Jukka-Pekka Saraste established himself as a leading conductor of his generation at a remarkably early age. He is particularly known for his interpretations of Mozart and of twentieth-century classics, particularly new Finnish music.
He studied piano and violin at the Lahti Conservatory. His teachers encouraged him to consider conducting when he was as young as twelve years old. After graduating from the Conservatory in 1978 he continued his conducting studies while playing professionally as a violinist in the Helsinki Philharmonic Orchestra.
That orchestra gave him his chance to have a conducting debut on their podium at the age of twenty-three. In 1981, he also won the first prize of the Scandinavian Conducting Competition. The Helsinki Philharmonic invited him to lead several of their concerts on its important North American tour of 1982. He repeated this feat when the orchestra toured China in 1985.
He also founded the Avanti! Chamber Orchestra, a group devoted mainly to contemporary music. This gained him considerable international recognition for his informed and exciting choices of new music.
His biggest breakout year was 1987. In that year he was appointed as principal conductor of the Scottish Chamber Orchestra in Edinburgh and the Finnish Radio Symphony Orchestra. His tenure with the Scottish Chamber Orchestra (until 1991) saw him lead it on important tours throughout the British Isles and North America, including a series of performances at New York's Carnegie Hall.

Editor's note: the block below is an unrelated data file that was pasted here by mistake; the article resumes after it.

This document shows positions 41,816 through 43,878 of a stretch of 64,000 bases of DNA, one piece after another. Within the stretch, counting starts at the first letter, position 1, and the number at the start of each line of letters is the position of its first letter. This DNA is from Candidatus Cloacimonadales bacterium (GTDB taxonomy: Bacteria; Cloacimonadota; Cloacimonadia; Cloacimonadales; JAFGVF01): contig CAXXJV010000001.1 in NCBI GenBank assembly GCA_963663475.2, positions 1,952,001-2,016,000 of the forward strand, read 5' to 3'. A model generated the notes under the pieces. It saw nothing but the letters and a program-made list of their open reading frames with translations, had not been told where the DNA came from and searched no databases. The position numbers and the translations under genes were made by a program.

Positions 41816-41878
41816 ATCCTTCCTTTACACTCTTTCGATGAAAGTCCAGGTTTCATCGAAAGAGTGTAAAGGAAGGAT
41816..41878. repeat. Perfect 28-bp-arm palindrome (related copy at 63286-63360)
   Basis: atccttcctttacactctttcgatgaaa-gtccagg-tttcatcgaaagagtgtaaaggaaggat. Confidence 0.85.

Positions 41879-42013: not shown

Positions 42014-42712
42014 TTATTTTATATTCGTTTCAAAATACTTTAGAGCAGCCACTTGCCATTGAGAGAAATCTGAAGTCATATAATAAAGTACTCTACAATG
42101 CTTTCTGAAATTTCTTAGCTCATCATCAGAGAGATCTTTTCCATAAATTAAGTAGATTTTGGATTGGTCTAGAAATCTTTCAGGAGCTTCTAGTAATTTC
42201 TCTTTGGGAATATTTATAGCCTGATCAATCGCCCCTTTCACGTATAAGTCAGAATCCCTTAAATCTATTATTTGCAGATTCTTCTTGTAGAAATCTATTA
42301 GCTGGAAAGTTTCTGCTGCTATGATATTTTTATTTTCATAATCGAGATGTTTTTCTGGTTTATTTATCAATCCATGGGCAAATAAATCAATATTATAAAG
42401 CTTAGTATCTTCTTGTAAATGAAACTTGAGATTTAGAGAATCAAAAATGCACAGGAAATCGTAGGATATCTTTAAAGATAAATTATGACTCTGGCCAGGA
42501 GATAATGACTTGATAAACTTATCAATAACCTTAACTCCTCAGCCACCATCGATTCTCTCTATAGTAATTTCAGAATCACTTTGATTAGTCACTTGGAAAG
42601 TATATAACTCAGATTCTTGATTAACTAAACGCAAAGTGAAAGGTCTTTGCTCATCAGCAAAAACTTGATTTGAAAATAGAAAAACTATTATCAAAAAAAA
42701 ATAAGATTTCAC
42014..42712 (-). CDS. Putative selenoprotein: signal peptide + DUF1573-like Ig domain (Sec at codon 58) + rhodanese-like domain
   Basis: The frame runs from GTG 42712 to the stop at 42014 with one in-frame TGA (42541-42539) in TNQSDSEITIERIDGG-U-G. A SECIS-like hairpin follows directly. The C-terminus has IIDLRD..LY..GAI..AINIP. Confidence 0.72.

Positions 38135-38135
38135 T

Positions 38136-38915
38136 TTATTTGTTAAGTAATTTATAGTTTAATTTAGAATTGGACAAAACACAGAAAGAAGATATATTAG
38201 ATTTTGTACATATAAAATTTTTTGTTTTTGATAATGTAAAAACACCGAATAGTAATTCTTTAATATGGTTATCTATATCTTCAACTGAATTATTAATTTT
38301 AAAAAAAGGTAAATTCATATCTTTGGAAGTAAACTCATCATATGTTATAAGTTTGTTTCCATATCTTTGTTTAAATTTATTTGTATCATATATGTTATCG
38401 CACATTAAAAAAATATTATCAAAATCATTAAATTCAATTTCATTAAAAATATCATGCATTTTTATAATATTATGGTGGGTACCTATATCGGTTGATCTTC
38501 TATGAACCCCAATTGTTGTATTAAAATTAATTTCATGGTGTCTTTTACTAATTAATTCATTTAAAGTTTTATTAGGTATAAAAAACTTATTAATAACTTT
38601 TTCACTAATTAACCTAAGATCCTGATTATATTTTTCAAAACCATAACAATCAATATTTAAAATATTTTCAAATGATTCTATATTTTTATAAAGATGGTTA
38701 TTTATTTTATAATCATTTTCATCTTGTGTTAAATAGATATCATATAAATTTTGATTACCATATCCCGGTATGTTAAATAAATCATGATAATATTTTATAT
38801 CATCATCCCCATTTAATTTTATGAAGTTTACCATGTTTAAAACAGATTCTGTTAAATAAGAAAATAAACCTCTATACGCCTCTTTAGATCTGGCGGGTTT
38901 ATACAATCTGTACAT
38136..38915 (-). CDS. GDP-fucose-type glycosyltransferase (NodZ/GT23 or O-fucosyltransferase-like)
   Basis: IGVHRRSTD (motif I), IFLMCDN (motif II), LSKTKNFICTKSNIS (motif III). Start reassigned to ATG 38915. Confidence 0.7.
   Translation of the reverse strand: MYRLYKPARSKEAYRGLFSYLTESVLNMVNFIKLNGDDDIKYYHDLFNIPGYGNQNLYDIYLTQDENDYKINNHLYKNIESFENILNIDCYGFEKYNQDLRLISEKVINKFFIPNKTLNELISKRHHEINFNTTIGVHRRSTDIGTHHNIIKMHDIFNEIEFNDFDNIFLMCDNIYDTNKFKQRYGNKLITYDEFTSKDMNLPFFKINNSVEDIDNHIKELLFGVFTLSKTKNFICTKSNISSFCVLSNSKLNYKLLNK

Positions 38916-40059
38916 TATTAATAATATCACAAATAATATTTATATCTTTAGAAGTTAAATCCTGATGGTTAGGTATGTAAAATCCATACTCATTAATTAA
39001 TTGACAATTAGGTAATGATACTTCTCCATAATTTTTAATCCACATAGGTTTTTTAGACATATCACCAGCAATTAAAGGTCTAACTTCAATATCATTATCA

He also brought the Finnish Radio Symphony Orchestra to the Edinburgh Festival, and has toured with it to Japan, Hong Kong, Taiwan, Germany, the United Kingdom and, several times, to Vienna. His first appearance there with the orchestra, in 1993, has led to several return trips.
In 1994 he became Music Director of the Toronto Symphony Orchestra. This is a major orchestra that has varied in quality over the years and, before Saraste, never had a regular recording contract. Saraste brought it to one of its highest points. He also brought it a contract with Finlandia Records.
He began his connection with Finlandia with a complete set of Sibelius Symphonies, recorded by the Finnish Radio Symphony Orchestra in St Petersburg, Russia in 1995. Previously, he had made records with the Virgin Classics, BIS, Classic for Pleasure, Conifer, Ondine, Simax, and Decca labels. His exclusive contract with Finlandia began in 1995 and included both the FRSO and the Toronto SO, and brought both to a major international record company, since Finlandia is owned by the giant American media firm Warner Classics.
He has been credited with bringing a large and diverse audience to the Toronto Orchestra's home of Roy Thompson Hall. Their first recording for Finlandia, of orchestral music by Modest Mussorgsky, won a nomination for the Juno Award, Canada's recording academy prize. He frequently takes the Toronto Symphony to Carnegie Hall.
Known for most of his career for incisive, energetic performances, he has stated that he is changing his approach as a result of studying the recordings of great conductors of the past such as Toscanini and Furtwängler. He says that in their day, conductors led the broad outlines of the work and left the orchestra's principal players in charge of their respective sections, generating "an exciting kind of friction, combining sizzling energy with the broad outline." He now strives for a broad sound and more rubato.
He left his Toronto and Finnish Radio a positions in 2001. He was principal guest conductor of the BBC Symphony from 2002-2005, and joined the Oslo Philharmonic in 2006, making videos of Sibelius symphonies with that orchestra. In 2010, Saraste also became principal conductor of the WDR Sinfonieorchester Köln.